IceBug Multi Run Dry shoes

The relatively new Icebug MultiRun shoes are unquestionably the best option for winter running yet. Their most notable feature is a set of 17 carbide steel studs that protrude from lugs on an otherwise conventional trail running sole.

Serious runners aren't exactly the sharpest tools in the shed. After all, normal people consider roads and trails covered with ice a perfectly acceptable reason to stay inside watching television.

Yet runners will do the darnedest things to get their adrenaline fix when the weather turns ugly, even putting sheet metal screws in the bottom of their shoes for traction. While the screws are better than nothing, on sections of bare pavement and rocky trails, they are downright unpleasant. Detachable ice walkers also make for lousy running because they are insecure and can impede circulation.

The relatively new Icebug Multi Run shoes are unquestionably the best option for winter running yet. Their most notable feature is a set of 17 carbide steel studs that protrude from lugs on an otherwise conventional trail running sole. The metal studs are designed to recess into the lugs when they strike hard ground, yet provide traction on ice.

While wearing Icebugs, you can dash confidently across ice that would have you tiptoeing in any other running shoes; even dogs don't grip as well. The model tested has a waterproof/breathable lining so puddles and slush are no problem either — just charge on through. They are fantastic winter shoes, even for walking on sidewalks!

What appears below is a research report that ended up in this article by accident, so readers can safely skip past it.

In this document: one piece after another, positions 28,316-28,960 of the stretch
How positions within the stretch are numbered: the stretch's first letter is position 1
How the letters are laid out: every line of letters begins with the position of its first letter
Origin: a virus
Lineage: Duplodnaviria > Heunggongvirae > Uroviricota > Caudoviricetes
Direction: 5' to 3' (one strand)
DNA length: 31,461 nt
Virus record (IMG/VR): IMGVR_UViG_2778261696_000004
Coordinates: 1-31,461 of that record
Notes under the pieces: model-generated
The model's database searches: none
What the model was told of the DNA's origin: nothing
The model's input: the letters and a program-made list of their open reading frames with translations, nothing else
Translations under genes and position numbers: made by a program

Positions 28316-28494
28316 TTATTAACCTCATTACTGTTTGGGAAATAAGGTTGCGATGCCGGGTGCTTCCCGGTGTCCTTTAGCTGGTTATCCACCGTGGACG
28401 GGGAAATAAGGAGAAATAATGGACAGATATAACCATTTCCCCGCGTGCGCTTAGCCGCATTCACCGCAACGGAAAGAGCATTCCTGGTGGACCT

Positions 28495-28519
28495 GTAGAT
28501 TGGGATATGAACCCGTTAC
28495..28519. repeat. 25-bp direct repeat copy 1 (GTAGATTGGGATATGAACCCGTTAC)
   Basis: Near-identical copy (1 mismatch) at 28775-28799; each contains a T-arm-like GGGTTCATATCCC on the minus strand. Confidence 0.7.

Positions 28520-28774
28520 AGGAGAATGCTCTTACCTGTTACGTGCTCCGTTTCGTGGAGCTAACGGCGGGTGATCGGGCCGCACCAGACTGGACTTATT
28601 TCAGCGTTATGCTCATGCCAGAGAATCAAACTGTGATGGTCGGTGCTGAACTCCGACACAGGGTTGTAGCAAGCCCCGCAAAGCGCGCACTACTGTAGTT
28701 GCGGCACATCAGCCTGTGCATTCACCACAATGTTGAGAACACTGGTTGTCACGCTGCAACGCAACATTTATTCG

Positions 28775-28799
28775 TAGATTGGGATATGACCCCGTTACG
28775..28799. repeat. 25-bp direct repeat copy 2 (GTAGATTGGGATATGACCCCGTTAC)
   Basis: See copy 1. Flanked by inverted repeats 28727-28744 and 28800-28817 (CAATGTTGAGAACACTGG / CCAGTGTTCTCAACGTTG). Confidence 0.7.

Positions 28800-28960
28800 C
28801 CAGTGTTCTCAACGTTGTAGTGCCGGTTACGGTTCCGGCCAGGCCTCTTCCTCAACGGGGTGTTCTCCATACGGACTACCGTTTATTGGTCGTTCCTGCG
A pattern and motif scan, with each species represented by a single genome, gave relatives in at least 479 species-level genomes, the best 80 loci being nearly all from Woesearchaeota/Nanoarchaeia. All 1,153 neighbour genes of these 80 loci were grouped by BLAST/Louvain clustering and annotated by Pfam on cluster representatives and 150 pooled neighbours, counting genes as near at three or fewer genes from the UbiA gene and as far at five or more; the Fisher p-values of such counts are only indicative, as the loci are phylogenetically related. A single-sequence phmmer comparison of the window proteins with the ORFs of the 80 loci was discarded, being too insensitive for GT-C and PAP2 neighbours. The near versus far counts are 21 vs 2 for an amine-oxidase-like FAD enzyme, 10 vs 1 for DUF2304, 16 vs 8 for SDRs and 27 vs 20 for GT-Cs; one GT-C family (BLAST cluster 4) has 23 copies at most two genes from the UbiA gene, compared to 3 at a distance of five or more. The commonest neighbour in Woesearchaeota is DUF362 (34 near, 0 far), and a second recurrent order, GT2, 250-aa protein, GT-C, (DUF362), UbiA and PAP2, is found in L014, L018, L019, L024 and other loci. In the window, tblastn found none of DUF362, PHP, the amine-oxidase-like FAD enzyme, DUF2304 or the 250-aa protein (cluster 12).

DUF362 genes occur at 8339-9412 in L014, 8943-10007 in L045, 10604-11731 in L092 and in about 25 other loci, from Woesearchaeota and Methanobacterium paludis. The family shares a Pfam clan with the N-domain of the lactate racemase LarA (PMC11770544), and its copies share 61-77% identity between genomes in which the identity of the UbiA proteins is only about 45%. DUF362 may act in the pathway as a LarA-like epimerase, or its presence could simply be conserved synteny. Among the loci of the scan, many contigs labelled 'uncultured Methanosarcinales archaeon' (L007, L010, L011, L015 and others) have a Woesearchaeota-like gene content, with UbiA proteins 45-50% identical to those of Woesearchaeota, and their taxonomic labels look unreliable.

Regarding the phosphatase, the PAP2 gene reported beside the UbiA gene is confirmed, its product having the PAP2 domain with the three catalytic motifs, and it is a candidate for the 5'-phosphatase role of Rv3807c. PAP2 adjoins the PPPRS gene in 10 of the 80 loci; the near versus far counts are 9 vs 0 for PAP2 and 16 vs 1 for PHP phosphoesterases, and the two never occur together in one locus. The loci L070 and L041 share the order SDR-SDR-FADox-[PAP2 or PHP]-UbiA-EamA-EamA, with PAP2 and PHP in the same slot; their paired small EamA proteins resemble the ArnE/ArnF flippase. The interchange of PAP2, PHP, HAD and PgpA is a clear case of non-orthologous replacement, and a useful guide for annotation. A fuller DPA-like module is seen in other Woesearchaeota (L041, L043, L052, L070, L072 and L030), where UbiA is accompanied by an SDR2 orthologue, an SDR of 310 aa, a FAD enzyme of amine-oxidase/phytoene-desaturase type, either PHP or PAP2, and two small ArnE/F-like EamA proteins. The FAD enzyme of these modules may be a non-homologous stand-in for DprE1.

However, Icebugs are also strictly one-season shoes. While the manufacturer claims the shoe is multipurpose and for use on asphalt as well as mud and ice, when running on dry pavement, it feels like you are on kitty litter; there is a constant crunching sensation and noise underfoot—not that you should get the idea we spend much time running through kitty litter boxes, mind you. Don't make the mistake of walking indoors on hardwood floors either or you may end up renting a power sander. They do make versions without the metal studs, but these compete with all the normal running shoes on the market and aren't anything special. The uppers and midsoles are rather conventional, offering good support, reasonable cushioning and solid construction.

Our tester owns half a dozen models of XCR and other waterproof running shoes for wet and muddy trails. However, he says these shoes are mostly obsolete now that he's upgraded to Icebugs. At $145 for the Multi Run Dry ($150 for a more supportive model), these are a bit more expensive than the others. But the exceptional traction on ice makes these must-haves for running fanatics who already own a closet full of shoes.

SNEWS Rating: 4 hands clapping (1 to 5 hands clapping possible, with 5 clapping hands representing functional and design perfection)

Suggested retail: $145

For more or call 802-658-8322



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